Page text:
Andrea Lowery--You took on the very difficult task of removing all of the leaves from the tree, and creating a new wintertime sky. You also did a very nice job of showing that sort of mucky melted snow you get when the snow has sat for a while, and cars have driven over it. The only thing keeping this from being an "A" are the weird blue highlights in the snow shadows. This looks almost like a Maxfield Parrish (to mention him a second time!) snow scene, only the blue is not consistent throughout the scene. You would be much better off desaturating all of the bright blues in the snow, since there is nothing in this scene to motivate that bright a color in the shadows. But a very nice job, and shows some good thinking. Grade: B
Jim McKenzie--You need some lens cleaner after that snowfall! I wish you hadn't put all this schmutz over your winter scene--I am always suspicious of students who put effects over their scene, since I suspect they are trying to hide something. However, the work you did here is very nice--I love the detail of how you lengthened your friends pants in the winter scene. You definitely captured how snow would look after a light snow fall, and your color correction for winter is very closely observed. If the dirty lens look is just a layer, please remove it, and submit a clean image. But this is a worthy project from you.
Danica Perry--Once again your wacky sense of humor makes an appearance, but this time I am forewarned. The one thing that bothers me most here are the spots of white on the base of the center pillar, and the streak of white in the left foreground. There is nothing else in the scene that bright, and nothing to create bright whites like that. Even though snow can be specular, unless there is sunlight in the scene, your snow should not be brighter than the sky. This would work better with all of the whites brought down.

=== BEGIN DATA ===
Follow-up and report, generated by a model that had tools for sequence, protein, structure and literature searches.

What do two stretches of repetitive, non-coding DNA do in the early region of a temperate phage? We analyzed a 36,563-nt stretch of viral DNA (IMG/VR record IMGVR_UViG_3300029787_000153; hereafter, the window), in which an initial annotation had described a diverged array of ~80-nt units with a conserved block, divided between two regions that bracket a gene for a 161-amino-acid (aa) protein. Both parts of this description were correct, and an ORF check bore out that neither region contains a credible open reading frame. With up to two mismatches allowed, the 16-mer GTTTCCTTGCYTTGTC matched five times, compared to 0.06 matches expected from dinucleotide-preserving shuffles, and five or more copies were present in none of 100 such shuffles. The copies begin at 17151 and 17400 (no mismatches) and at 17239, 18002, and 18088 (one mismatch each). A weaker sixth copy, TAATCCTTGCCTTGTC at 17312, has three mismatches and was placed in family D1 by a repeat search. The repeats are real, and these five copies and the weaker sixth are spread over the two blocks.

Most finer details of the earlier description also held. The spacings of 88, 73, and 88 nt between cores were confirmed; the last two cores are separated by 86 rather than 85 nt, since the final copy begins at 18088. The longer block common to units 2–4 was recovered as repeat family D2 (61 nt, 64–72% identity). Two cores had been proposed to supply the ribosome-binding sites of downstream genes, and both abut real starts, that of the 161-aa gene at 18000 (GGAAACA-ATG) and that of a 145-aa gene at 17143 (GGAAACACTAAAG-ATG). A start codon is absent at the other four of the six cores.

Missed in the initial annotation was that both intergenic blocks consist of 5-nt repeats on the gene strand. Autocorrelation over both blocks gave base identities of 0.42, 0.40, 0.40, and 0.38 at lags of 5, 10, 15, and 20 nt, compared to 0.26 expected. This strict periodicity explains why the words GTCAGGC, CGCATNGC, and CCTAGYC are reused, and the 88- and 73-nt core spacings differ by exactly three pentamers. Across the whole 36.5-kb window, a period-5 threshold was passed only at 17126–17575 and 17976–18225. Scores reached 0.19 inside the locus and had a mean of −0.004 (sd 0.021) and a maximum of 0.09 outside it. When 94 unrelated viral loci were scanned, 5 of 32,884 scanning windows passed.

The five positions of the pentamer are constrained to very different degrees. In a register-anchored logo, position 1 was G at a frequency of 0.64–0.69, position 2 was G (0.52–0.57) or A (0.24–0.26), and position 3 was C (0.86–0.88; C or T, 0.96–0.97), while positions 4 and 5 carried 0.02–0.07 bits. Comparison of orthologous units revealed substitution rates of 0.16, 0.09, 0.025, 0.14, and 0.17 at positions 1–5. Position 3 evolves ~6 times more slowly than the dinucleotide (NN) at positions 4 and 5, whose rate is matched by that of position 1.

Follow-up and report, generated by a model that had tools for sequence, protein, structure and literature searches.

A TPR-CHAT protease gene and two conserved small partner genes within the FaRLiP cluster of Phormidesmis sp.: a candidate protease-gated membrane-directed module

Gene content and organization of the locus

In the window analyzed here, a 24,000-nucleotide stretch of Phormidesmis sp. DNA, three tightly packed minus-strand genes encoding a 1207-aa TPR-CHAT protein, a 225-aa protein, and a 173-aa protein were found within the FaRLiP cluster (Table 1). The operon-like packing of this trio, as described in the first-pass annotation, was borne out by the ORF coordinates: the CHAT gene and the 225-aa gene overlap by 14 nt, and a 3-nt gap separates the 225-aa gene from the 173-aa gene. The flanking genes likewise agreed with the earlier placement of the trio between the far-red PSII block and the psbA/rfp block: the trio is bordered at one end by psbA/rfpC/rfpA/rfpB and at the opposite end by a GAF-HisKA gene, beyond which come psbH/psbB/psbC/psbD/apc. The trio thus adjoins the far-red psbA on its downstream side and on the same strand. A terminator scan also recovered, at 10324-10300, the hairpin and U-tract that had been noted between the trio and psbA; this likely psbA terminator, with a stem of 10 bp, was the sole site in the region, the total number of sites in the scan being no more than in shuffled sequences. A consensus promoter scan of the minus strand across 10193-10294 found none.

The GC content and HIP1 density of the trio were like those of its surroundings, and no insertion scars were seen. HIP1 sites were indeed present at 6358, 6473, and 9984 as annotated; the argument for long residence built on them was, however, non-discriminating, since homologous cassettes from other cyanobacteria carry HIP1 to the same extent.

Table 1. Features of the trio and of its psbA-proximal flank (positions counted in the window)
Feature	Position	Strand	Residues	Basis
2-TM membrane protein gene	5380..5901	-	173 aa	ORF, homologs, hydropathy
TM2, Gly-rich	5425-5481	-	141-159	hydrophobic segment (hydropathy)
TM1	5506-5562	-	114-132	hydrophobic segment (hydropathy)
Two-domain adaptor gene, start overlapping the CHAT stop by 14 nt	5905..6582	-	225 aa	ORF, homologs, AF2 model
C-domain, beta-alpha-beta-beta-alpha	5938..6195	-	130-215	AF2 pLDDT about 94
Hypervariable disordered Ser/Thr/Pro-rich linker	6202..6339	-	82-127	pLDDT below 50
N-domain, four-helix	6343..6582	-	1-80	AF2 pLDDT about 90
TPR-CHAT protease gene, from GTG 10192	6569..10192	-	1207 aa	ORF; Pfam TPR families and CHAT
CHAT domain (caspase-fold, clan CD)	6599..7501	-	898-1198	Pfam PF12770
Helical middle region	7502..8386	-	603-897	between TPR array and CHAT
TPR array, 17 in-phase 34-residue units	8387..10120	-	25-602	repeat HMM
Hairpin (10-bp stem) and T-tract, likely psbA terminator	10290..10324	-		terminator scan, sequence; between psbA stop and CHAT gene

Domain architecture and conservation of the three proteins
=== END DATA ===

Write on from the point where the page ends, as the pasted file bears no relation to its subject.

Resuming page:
But I do like how you have tinted this pink, like a near sunset scene., and the collection of the snow on the top of the pillars is very nice.
I look forward to seeing your whimsical sensibility brought to full fruition on your city of the future!
Derick Ramirez--This looks like you just totally desaturated the scene, which is a good start for a winter scene, but it also looks like building has changed color. Even in winter, this warm stone would look warm, at least in comparison to the color of snow. Your snow looks very soft, but not in a good way. You need more definition where it comes up against the building--not a fuzzy join like you have here. The pooling of the snow on the ledges on all the upward facing surfaces is nicely done--that is the most convincing part of this piece.
Dan Pochtrager-- The snow on the island it terrific. The way you desaturated the scene totally captures a gray winter day. Just a couple of quibbles--that cast shadow from the bridge on the island is a dead give away. You got rid of the rest of your cast shadows, but failed to get that one. I would have liked this even better if you had taken the time to give me barren trees in the background like Andrea Lowery did, but this is overall a superb job.
Amanda Schwartz--No homework.
Max Thomas--Great job!! You really nailed this one. I think most people would not know this scene was manipulated at all. Great job removing all the shadows, and the application of snow to all of the upward facing surfaces is perfect.
02-26-2009, 06:52 AM
I'm sorry, I have noticed missing picture next morning when I wake up. There was upload error when I was try to reload it. Anyway, here's once again my pictures.
p.s. David, thank you so much for possibility of trainings online, out of your NY class.
02-26-2009, 08:21 AM
this was my original submission with the fog overlay
here is the piece minus the fog,
02-26-2009, 11:40 AM
Thanks, Jim. This looks even better. Your explanation in class that you were trying to get the look of a cheap camera on a cold day made sense, but this is a nice enough piece that it is good to have it in it's unobscured from.
04-23-2009, 02:10 PM
Bringing SVA matte painting threads together for reference